If the global pandemic and school shutdowns taught us anything, it’s that we may have been taking teacher-student and student-student connections for granted pre-COVID. After all, with most or all students experiencing in-classroom learning, bonds, connections, and relationships are just bound to happen naturally. Even with students “connecting” virtually during the pandemic, it quickly became clear that we needed to do more to cultivate connections both in the remote setting and–once it was safe–in the classroom. With social emotional learning (SEL) becoming an increasingly important focal point for many districts, it made sense for us to build up this aspect of our educational offering.
Coaching and Professional Development
All teachers know that educational success comes from strong connections between themselves and their students. Thanks to an increased focus on social emotional learning, educators also realize that creating a safe, nurturing environment also means helping students recognize and manage their emotions; care for others; and, form positive relationships and make responsible decisions.
The Covid-19 pandemic may be on everyone’s minds right now, but school districts grappled with another pandemic before the virus changed our world. School violence incidents such as the Parkland School shooting were increasing, and students’ physical and mental well-being were at critical levels. New Caney Independent School District, northeast of Houston, Texas, understood that social emotional learning (SEL) and the missed opportunities to identify students with deficits played out in school–specifically in school violence.
To promote equity in education, it is crucial that educators can meet the needs of students beyond their academic goals, which requires being attuned to students’ diverse backgrounds and unique experiences. When educators build this important cultural competence and become advocates and supporters for students and their communities, schools take one step closer to equity in education.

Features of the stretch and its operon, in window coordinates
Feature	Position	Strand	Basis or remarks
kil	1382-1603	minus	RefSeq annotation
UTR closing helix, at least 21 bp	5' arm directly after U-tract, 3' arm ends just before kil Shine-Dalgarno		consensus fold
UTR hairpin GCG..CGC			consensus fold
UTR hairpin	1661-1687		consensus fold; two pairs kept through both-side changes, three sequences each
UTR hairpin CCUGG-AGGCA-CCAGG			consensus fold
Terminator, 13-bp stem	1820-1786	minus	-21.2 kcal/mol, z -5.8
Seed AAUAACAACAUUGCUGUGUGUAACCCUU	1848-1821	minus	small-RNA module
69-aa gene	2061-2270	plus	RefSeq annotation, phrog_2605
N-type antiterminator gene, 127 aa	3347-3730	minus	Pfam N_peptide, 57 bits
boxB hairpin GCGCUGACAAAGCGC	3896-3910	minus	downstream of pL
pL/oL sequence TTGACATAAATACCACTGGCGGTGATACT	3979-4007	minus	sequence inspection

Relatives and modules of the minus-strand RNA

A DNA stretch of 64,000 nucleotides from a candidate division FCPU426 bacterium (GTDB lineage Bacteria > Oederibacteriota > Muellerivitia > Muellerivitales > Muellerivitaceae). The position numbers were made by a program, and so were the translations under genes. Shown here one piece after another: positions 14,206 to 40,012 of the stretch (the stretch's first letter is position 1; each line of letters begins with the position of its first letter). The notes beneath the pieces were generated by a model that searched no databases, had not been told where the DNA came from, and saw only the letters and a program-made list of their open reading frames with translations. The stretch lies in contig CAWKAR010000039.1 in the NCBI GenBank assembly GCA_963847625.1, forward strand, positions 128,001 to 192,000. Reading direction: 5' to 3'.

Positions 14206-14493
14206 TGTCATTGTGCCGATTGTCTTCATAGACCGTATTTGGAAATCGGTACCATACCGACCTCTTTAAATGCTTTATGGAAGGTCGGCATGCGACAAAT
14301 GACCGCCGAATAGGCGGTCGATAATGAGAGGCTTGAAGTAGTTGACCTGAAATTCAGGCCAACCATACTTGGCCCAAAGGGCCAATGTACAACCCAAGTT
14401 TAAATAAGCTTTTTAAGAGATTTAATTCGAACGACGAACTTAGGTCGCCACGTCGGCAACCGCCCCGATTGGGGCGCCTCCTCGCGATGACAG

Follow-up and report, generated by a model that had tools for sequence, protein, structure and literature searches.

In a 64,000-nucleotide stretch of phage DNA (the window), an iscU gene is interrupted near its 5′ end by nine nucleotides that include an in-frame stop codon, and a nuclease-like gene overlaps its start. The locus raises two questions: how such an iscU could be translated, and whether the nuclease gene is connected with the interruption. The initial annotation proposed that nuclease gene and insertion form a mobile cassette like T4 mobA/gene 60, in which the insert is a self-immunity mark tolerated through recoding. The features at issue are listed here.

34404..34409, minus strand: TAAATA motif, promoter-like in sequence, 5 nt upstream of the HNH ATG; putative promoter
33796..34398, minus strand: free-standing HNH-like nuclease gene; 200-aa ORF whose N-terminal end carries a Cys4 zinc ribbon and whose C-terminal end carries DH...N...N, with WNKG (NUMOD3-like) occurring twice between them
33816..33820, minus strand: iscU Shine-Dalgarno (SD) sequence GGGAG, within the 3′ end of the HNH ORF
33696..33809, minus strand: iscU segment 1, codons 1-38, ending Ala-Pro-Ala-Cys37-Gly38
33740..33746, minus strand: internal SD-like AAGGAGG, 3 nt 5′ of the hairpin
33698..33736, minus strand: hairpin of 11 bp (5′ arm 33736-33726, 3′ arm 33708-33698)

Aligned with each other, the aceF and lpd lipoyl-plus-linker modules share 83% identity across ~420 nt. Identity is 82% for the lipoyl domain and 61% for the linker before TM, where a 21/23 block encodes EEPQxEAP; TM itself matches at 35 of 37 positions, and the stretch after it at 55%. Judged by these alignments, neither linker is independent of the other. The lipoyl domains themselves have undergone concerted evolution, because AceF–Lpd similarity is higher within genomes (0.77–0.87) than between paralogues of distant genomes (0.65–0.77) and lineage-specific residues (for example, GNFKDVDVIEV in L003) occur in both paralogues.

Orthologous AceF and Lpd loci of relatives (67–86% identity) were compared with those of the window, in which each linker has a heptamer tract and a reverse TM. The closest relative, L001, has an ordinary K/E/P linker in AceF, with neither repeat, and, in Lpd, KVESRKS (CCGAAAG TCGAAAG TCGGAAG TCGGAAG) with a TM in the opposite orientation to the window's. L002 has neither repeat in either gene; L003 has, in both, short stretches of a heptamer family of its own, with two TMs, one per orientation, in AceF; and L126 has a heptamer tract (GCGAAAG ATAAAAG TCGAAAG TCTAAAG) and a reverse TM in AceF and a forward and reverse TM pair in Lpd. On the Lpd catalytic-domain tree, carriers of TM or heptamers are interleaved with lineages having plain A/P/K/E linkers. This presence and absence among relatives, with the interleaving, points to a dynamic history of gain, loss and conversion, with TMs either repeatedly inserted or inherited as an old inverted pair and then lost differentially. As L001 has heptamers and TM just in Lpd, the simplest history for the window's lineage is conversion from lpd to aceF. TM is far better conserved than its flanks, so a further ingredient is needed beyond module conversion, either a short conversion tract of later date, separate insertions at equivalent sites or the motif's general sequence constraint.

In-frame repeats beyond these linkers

SELEQUITY™ is an expression that looks at social emotional health, fairness, empathy, and compassion for all humanity through an equity lens. It reinforces the development of feelings, emotions, mindsets, and dispositions of people, both individually and collectively, to provide opportunities for all to grow and thrive, regardless of their circumstances.
Lupita Knittel believes that before we get back normal, whatever that is, education needs to build a new foundation. Forget curricula and assessments, and metrics, the importance of emotional health, for both students and teachers, needs to be the new priority. On this episode of EdTech Today, host Kevin Hogan sits down with Knittel to gain insight into how Social Emotional Learning is set to become a big part of education’s future.
Even with the pandemic continuing to impact our mental health, a social emotional learning platform can help the entire school population adopt a healthier, more positive mindset. Let’s face it, we’re all a little burned out on remote learning, hybrid classroom environments, Zoom, and other pandemic-related issues right now. As teachers, students, and parents, we’re all in the same boat as we work to balance the realities of our current situation with the need to keep students engaged, learning, and moving forward.
COVID-19 has caused a great deal of heartache and chaos in 2020, making it sometimes difficult to find the ‘positives’ in everyday life. But if there was a silver lining to be found in education, it was the outpouring of respect, appreciation, and love shown to educators.
What made schools great in 1989 is the same thing that will make them great in 2020. COVID-19 has changed everything, but the fundamentals of education have never changed and never will. In real estate it is all about location, in education it is all about relationships.
In 1997, new camera technology allowed us to view the brain at levels far exceeding anything ever conceived in the past. 99% of what we know about the brain has accumulated since that time and 80% of what we thought we knew was incorrect.